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EU firm to participate in bioenergy research in Finland and India to build up forest and energy partnerships

Fortum will take part in BEST research programme with goal to encompass new kind of collaboration between forest and energy know-how

Participants in the BEST research programme will include forest, energy, technology and consultancy companies

Fortum said the long-term goal of its research and development efforts is to enable a sustainable, carbon dioxide-free future.

"Bioenergy is an important energy source, and its acquisition and use in energy production must be ecologically, economically and socially sustainable," the company said.

Marja Englund, R&D manager, responsible for the collaboration in Fortum, said: "The demand for bioenergy for various purposes will increase and international trade will expand. As a result, new means and business models for responsible management of the bioenergy chain will be needed. The goal of the new research programme is to develop a radically improved way of operating as an ecosystem of bioenergy, i.e. as a whole."

High efficiency of primary energy and the possibility to flexibly use different biomasses for fuel are characteristic to CHP production. Scarcity of natural resources and emissions issues will increase the value of CHP production in the future, which could present a significant opportunity for exporting Finnish know-how.

International collaboration to benefit India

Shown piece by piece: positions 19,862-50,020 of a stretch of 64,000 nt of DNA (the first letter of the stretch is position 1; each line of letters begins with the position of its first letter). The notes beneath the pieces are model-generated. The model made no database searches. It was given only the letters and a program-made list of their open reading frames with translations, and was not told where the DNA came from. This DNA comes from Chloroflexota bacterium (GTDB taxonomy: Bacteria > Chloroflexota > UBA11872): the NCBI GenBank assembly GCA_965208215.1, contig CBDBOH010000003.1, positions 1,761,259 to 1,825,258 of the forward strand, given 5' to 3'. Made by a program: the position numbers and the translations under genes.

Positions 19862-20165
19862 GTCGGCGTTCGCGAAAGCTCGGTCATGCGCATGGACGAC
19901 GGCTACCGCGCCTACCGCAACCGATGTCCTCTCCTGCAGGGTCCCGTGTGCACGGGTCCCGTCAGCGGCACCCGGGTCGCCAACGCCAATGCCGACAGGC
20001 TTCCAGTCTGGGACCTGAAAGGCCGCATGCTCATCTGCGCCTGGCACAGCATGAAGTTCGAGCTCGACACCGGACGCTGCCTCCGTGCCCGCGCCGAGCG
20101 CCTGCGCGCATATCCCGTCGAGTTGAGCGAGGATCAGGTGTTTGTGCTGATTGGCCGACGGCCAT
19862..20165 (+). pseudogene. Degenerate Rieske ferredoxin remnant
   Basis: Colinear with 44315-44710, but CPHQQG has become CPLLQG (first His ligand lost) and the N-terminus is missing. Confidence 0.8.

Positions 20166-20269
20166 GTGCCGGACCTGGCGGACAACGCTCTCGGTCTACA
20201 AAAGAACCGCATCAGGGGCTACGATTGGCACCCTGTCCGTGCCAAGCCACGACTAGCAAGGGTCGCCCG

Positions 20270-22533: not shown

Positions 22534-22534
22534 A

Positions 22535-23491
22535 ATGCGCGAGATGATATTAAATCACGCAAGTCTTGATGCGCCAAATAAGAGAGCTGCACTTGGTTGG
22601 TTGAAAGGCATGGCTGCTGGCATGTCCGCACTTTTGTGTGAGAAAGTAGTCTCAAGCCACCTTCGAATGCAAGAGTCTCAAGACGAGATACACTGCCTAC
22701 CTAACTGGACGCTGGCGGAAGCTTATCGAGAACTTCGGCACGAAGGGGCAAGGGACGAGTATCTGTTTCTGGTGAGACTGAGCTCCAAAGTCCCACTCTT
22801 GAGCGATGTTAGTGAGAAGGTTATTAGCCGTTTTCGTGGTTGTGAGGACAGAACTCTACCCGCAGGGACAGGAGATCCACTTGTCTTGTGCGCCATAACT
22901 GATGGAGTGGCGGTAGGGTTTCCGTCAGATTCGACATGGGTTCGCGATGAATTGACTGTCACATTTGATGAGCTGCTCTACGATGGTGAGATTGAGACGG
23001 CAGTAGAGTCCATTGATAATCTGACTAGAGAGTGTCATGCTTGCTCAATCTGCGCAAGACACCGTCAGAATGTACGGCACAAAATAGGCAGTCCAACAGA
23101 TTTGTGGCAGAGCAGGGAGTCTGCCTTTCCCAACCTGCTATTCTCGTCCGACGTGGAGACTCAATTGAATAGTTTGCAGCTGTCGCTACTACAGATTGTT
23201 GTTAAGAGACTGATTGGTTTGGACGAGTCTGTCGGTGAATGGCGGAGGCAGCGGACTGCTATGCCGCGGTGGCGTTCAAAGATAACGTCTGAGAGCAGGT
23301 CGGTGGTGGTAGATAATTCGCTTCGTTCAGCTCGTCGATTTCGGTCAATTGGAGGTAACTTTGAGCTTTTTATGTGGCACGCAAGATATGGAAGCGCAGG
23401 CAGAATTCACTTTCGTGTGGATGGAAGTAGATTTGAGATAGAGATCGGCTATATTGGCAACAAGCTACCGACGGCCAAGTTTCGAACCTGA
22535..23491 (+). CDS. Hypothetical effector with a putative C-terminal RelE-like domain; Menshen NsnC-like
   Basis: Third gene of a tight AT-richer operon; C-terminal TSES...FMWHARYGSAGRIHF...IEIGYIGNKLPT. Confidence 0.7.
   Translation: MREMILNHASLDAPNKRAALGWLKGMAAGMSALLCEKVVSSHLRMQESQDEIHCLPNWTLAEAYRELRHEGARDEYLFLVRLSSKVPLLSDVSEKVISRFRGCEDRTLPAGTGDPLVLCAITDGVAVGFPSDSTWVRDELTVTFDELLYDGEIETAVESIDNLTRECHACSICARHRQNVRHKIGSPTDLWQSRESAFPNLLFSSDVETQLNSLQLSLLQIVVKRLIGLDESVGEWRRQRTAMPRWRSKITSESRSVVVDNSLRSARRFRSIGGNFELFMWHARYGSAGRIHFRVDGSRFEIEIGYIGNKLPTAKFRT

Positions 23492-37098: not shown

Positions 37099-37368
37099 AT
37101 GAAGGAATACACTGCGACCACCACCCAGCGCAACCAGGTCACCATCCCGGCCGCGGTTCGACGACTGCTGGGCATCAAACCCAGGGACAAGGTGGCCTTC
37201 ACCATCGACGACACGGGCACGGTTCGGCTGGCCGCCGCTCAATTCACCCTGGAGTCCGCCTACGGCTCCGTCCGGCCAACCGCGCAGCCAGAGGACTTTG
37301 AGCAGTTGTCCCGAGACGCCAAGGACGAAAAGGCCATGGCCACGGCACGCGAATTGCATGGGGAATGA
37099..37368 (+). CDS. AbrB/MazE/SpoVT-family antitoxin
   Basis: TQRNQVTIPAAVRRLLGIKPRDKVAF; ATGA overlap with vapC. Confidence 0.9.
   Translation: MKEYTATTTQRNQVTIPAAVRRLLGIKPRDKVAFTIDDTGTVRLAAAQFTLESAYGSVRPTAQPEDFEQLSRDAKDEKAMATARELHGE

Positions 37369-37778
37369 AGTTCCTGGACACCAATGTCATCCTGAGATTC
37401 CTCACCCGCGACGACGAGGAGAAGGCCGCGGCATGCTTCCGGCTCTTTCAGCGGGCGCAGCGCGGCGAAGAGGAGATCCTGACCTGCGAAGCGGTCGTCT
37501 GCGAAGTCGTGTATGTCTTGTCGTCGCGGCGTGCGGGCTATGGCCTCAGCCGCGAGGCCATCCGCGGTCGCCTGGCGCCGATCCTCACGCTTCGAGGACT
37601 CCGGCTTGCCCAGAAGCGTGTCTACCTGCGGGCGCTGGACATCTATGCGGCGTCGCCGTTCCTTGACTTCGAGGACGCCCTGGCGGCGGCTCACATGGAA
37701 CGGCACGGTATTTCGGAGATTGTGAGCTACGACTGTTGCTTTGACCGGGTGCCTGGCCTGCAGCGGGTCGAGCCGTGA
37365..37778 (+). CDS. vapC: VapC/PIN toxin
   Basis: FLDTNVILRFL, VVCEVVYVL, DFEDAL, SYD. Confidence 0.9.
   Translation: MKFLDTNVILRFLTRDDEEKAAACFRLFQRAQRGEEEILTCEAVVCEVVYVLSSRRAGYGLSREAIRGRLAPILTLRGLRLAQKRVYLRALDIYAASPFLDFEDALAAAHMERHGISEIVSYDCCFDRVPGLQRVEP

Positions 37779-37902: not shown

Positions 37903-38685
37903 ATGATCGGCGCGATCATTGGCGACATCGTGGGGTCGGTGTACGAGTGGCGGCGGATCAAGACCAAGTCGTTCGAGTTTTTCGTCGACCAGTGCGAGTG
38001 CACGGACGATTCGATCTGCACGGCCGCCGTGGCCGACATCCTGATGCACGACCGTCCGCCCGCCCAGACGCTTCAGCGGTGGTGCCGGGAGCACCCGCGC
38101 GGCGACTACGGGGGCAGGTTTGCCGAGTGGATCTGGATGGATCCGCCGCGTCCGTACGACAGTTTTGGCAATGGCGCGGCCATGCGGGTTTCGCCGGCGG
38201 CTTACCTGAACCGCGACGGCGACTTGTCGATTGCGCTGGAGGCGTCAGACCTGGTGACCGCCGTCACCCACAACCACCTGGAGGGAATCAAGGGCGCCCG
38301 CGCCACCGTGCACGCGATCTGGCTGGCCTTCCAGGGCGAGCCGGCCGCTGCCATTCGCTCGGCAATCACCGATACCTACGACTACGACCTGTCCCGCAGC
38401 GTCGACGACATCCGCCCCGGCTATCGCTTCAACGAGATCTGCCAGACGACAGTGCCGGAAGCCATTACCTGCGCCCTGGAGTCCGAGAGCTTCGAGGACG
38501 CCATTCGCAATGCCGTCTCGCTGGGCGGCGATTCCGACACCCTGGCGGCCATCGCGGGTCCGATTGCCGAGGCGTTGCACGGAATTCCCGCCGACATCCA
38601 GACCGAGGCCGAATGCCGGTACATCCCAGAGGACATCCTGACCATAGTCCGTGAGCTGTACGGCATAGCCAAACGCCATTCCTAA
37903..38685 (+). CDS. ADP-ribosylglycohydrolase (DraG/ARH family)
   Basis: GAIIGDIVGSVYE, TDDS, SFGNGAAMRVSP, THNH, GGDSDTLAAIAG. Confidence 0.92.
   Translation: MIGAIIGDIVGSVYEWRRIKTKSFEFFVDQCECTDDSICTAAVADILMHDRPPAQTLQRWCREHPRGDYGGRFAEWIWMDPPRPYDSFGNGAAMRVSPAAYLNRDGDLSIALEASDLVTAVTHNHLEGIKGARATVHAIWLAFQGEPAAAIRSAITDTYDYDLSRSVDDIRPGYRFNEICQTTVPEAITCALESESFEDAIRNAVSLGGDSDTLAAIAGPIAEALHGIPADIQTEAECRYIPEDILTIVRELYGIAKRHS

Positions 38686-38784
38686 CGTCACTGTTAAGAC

Significant international research collaboration with India will be part of the programme. In India, which is one of the world's fastest growing economies, energy supply is a key factor in creating better living conditions and in social and industrial development.

Fortum said emerging economies have their "own unique characteristics", and the differences are often substantial when compared to old industrialised countries. The successful exporting of Finnish know-how requires a good understanding of the target areas and their development potential. In India, electricity production can't keep up with the growing demand, and fuel scarcity and environmental issues are significant challenges already today.

Maria Paatero-Kaarnakari, senior vice president, Fortum Asia, said: "Energy-efficient CHP production has a lot of potential in India, and Finnish know-how can offer solutions for understanding and capitalising that potential. Fortum has operated in India since early 2012 with a goal to assess the opportunities for participating in the development of India's energy sector by investing particularly in CHP production, which would provide steam and electricity for energy-intensive industry. The programme being launched is very interesting and supports our ambition of utilising locally sourced biofuels whenever possible."

The news from Fortum follows other collaborations between Finland and India over the last year to develop renewable energy in the BRIC country. This includes Finland's Nordic Investment Bank (NIB) and India's Axis Bank agreeing on a USD 50m loan to build seven Indian wind farms in May 2012. Finland has also shown interest in developing renewable projects in emerging markets such as Chile. Chilean and Finnish companies signed an agreement to develop each other's renewable energy technologies in February this year.

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